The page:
At MIT and Boston Children’s Hospital, researchers worked out a system allowing clinicians to take an MRI scan of patients’ hearts and create 3D printed models of the organs within hours. The model hearts can then be used to plan surgeries and practice different approaches before working on the actual patients. The next step is to actually test the clinical value of these models, which will involve seven Boston Children’s cardiac surgeons applying them to their practice.
The technology relies on new approaches for processing MRI scans and improving the imaging resolution that is produced so that high quality models can be produced. In particular, the identification of the 3D boundaries of various tissues has been worked out to result in models that are more accurate than ever before.
The new system will be presented next month at the International Conference on Medical Image Computing and Computer Assisted Intervention in Munich, Germany.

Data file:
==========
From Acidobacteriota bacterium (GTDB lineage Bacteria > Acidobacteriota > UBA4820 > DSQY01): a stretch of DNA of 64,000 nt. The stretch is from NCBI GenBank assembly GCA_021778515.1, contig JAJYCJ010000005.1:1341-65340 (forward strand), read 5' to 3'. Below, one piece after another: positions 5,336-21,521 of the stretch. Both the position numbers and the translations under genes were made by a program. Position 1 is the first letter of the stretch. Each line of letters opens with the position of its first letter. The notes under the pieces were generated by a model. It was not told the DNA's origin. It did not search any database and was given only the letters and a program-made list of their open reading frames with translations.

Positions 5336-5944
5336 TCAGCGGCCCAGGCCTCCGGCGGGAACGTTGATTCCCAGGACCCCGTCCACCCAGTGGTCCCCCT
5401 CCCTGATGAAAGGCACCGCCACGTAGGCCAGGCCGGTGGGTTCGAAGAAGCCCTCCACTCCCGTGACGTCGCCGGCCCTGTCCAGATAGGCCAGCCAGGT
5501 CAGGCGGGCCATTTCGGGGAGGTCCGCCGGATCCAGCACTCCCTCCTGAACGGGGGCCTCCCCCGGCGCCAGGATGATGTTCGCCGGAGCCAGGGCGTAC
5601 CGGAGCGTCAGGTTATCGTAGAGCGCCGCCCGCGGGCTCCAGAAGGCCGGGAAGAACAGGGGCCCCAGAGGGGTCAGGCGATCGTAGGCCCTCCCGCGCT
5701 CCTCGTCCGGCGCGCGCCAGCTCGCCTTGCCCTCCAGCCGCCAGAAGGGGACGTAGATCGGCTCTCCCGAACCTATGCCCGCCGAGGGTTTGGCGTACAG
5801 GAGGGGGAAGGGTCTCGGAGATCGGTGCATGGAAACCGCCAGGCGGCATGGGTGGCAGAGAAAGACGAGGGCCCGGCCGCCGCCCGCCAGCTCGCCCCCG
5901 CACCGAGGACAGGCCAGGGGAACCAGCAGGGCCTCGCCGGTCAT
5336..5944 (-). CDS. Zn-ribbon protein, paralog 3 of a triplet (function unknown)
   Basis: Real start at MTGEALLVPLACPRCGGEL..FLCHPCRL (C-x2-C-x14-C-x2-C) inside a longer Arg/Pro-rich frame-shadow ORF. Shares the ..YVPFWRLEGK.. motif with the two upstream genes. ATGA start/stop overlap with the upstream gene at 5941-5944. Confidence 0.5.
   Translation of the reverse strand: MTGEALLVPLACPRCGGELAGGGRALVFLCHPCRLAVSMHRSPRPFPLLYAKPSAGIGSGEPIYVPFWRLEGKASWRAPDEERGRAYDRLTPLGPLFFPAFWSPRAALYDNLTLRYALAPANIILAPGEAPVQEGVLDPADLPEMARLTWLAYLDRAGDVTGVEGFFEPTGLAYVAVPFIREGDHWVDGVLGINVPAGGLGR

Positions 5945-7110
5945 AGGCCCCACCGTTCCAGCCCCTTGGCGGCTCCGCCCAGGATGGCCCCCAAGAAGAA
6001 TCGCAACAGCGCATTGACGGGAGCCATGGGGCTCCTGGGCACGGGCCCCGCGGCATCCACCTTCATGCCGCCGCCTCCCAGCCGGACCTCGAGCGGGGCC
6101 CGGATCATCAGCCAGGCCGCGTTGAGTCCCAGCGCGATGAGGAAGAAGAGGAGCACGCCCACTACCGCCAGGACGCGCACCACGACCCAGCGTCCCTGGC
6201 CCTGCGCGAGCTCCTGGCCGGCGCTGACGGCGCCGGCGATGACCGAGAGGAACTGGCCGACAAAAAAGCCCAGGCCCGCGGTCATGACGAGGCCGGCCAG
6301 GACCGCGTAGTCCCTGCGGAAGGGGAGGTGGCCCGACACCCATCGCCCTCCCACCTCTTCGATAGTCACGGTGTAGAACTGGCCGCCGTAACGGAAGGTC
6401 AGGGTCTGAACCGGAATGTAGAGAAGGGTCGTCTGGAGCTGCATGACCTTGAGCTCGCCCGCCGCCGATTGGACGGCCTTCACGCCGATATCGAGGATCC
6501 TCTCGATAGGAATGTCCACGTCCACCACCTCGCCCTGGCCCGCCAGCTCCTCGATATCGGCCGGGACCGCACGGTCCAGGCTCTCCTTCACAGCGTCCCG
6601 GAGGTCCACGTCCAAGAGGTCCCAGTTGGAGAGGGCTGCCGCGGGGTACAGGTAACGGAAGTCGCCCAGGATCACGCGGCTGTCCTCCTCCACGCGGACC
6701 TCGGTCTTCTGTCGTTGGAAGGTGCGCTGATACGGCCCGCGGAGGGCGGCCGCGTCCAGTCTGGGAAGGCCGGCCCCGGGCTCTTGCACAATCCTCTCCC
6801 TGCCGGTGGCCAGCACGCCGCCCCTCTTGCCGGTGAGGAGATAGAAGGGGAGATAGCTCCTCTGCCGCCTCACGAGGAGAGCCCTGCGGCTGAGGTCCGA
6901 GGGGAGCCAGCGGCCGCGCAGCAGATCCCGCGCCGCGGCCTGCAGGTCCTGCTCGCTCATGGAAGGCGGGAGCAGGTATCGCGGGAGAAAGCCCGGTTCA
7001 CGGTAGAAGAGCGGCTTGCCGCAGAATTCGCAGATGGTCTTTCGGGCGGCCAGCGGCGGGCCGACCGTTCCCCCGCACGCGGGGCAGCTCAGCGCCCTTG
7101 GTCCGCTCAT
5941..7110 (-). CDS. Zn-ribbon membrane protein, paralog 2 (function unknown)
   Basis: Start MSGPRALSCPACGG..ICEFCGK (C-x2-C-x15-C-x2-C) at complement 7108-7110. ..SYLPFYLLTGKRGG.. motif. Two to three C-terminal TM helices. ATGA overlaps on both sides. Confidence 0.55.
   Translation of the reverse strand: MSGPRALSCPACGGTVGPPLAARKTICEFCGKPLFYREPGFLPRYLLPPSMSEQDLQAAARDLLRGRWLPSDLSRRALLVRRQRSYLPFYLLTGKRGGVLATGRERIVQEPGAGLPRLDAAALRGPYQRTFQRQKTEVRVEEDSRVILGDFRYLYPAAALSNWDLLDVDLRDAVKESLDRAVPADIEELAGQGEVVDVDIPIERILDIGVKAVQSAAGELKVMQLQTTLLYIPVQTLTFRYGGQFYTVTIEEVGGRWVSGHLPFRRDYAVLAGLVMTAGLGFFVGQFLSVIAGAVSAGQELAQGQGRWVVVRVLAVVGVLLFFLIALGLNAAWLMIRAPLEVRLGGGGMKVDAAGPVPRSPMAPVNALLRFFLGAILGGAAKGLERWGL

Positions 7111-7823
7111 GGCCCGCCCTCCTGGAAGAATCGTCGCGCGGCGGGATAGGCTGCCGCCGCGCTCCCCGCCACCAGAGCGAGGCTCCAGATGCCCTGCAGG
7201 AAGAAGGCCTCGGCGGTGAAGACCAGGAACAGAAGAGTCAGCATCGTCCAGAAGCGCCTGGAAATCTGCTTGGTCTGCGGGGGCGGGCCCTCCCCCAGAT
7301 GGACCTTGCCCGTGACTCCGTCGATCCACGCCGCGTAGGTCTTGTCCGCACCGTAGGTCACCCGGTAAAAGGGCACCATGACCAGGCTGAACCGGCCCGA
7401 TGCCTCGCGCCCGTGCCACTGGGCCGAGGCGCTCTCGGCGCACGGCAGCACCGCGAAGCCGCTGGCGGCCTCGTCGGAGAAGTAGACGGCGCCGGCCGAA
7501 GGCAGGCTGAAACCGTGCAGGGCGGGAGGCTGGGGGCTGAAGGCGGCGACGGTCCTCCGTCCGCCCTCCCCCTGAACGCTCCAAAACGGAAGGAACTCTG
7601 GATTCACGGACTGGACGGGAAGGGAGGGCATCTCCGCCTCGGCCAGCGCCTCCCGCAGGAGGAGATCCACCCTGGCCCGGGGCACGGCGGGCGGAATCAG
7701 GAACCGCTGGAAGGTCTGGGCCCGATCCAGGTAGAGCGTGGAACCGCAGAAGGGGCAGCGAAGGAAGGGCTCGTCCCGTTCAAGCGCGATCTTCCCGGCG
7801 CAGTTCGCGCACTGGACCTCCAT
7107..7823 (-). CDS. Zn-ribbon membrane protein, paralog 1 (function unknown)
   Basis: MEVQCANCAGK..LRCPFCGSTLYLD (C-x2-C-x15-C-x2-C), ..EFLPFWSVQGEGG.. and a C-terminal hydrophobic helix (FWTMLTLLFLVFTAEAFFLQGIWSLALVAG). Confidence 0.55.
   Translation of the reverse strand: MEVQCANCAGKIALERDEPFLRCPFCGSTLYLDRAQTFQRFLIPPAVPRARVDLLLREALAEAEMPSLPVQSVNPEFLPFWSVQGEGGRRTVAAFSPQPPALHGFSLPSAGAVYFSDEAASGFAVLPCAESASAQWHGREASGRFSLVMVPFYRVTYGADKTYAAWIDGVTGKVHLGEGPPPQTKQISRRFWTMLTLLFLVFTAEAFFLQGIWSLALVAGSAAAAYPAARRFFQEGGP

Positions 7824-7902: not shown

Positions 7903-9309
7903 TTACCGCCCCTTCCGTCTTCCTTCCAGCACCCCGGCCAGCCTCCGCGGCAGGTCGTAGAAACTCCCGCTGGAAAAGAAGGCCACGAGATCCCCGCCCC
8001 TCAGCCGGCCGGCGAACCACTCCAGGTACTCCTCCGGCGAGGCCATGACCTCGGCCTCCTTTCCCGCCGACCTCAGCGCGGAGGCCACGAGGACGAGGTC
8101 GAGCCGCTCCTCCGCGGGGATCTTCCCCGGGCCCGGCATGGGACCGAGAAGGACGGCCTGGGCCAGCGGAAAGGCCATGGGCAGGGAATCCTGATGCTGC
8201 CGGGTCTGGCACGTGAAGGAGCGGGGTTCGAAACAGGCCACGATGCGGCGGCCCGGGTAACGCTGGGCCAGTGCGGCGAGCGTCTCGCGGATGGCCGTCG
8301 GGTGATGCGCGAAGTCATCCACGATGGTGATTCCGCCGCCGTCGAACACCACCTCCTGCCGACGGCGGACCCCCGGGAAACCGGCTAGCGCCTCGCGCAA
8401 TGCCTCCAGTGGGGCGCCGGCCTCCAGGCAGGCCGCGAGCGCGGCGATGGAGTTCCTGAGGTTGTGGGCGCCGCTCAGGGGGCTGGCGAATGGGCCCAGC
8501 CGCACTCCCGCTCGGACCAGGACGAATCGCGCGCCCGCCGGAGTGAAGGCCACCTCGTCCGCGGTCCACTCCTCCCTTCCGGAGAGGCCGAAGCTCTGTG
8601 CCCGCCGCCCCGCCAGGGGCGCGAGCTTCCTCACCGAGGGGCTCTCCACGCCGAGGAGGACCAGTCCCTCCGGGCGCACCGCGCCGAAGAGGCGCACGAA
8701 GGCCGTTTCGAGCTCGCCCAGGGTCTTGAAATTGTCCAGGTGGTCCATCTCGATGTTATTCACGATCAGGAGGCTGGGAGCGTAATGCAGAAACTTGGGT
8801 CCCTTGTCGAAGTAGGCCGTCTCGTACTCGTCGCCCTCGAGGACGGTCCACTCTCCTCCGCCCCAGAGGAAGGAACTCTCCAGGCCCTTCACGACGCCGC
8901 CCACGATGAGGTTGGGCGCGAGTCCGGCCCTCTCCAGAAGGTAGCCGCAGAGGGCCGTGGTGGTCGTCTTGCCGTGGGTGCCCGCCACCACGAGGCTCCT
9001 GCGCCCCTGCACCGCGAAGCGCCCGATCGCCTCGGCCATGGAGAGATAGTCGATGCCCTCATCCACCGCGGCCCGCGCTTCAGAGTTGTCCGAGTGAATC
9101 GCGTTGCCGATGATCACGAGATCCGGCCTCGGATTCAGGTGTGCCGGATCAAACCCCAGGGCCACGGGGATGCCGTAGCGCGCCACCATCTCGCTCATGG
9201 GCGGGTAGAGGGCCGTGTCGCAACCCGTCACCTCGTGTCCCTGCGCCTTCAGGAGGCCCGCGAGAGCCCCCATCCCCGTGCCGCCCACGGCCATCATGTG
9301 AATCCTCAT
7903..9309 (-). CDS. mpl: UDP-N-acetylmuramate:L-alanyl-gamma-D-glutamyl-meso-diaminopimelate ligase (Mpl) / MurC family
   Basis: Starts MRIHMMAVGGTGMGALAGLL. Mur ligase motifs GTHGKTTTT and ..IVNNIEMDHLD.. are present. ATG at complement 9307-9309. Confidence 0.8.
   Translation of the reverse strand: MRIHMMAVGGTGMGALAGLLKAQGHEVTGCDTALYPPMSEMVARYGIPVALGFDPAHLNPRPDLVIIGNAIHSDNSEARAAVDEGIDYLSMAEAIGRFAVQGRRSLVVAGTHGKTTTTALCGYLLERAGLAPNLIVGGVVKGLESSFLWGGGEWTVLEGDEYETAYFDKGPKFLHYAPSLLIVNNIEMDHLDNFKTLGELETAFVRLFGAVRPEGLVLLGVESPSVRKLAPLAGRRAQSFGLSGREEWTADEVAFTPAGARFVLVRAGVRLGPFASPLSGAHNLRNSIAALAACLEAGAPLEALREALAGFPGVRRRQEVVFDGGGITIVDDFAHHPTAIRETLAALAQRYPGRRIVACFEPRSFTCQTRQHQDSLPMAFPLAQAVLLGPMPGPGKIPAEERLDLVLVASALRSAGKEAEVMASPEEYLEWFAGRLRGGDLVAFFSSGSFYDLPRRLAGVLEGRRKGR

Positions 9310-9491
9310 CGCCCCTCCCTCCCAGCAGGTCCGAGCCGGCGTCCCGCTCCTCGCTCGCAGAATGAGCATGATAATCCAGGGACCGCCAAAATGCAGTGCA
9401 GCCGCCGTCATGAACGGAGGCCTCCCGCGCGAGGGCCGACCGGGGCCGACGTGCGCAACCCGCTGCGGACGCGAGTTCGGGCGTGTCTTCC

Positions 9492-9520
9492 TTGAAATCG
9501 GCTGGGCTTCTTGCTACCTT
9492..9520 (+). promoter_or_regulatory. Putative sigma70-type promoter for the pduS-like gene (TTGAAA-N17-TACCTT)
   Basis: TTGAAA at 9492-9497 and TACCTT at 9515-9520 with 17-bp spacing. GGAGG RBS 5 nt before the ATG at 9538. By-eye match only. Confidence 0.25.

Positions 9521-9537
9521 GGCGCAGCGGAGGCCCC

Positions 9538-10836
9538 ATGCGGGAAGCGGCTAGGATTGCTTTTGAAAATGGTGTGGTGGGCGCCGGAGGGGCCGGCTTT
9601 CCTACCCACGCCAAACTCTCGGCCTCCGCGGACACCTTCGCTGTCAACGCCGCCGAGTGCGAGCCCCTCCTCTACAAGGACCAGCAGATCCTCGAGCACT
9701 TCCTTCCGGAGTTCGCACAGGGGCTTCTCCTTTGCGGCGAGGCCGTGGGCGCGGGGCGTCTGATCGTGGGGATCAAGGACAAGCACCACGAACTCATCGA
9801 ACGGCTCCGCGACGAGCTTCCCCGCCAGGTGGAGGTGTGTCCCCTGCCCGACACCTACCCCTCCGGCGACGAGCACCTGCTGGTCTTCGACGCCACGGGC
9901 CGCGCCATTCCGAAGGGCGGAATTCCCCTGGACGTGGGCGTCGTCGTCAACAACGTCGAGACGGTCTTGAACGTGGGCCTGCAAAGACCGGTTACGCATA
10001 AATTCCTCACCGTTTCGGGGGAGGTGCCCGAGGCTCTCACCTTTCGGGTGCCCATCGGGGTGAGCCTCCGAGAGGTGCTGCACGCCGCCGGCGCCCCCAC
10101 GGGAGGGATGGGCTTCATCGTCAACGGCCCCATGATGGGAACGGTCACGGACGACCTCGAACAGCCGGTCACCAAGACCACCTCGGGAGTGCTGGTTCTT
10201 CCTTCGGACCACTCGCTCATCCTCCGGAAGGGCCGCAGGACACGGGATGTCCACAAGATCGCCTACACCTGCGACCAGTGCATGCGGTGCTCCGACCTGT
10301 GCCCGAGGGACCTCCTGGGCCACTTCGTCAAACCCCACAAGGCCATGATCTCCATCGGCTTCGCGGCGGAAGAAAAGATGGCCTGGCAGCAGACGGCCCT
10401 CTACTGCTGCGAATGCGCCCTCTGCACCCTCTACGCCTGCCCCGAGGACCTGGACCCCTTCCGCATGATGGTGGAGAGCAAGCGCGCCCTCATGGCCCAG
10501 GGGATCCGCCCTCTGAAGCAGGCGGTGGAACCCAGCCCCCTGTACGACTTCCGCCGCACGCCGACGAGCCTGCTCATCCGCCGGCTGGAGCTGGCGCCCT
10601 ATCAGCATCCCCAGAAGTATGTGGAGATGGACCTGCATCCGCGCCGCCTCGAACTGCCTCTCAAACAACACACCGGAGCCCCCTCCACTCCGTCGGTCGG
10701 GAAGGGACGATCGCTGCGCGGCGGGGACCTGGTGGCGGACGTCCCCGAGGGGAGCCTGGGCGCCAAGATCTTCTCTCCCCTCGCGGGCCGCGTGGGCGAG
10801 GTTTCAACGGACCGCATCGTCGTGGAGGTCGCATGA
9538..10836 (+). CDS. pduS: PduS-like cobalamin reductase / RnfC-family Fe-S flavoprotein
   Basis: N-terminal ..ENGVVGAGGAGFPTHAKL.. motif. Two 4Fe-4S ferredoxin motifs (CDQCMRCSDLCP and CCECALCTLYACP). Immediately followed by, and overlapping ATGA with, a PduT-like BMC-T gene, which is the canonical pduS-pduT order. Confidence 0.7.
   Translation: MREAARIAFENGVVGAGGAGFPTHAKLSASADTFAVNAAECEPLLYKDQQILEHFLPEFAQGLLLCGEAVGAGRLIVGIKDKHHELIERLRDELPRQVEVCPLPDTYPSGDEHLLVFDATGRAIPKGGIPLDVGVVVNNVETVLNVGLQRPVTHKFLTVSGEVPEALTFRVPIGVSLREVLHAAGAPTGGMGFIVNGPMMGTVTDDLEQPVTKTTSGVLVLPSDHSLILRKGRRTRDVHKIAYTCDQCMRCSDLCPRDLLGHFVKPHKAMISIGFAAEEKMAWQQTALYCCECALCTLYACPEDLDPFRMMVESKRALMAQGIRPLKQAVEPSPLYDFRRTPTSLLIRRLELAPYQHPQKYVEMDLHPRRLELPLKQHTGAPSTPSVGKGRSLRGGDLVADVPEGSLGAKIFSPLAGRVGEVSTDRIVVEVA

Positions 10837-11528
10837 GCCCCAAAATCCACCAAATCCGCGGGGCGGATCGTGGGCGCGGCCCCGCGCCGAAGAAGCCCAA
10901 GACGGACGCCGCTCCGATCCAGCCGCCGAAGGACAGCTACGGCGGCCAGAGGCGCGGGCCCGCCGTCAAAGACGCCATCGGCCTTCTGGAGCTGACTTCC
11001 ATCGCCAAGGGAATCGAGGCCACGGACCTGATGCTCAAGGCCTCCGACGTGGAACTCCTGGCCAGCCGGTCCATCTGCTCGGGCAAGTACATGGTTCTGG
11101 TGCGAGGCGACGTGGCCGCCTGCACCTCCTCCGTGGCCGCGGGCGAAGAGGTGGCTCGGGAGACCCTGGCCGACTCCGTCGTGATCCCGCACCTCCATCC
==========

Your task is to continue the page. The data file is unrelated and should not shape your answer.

More about the upcoming study of the system according to MIT:
The clinical study in the fall will involve MRIs from 10 patients who have already received treatment at Boston Children’s Hospital. Each of seven surgeons will be given data on all 10 patients — some, probably, more than once. That data will include the raw MRI scans and, on a randomized basis, either a physical model or a computerized 3-D model, based, again at random, on either human segmentations or algorithmic segmentations.
Using that data, the surgeons will draw up surgical plans, which will be compared with documentation of the interventions that were performed on each of the patients. The hope is that the study will shed light on whether 3-D-printed physical models can actually improve surgical outcomes.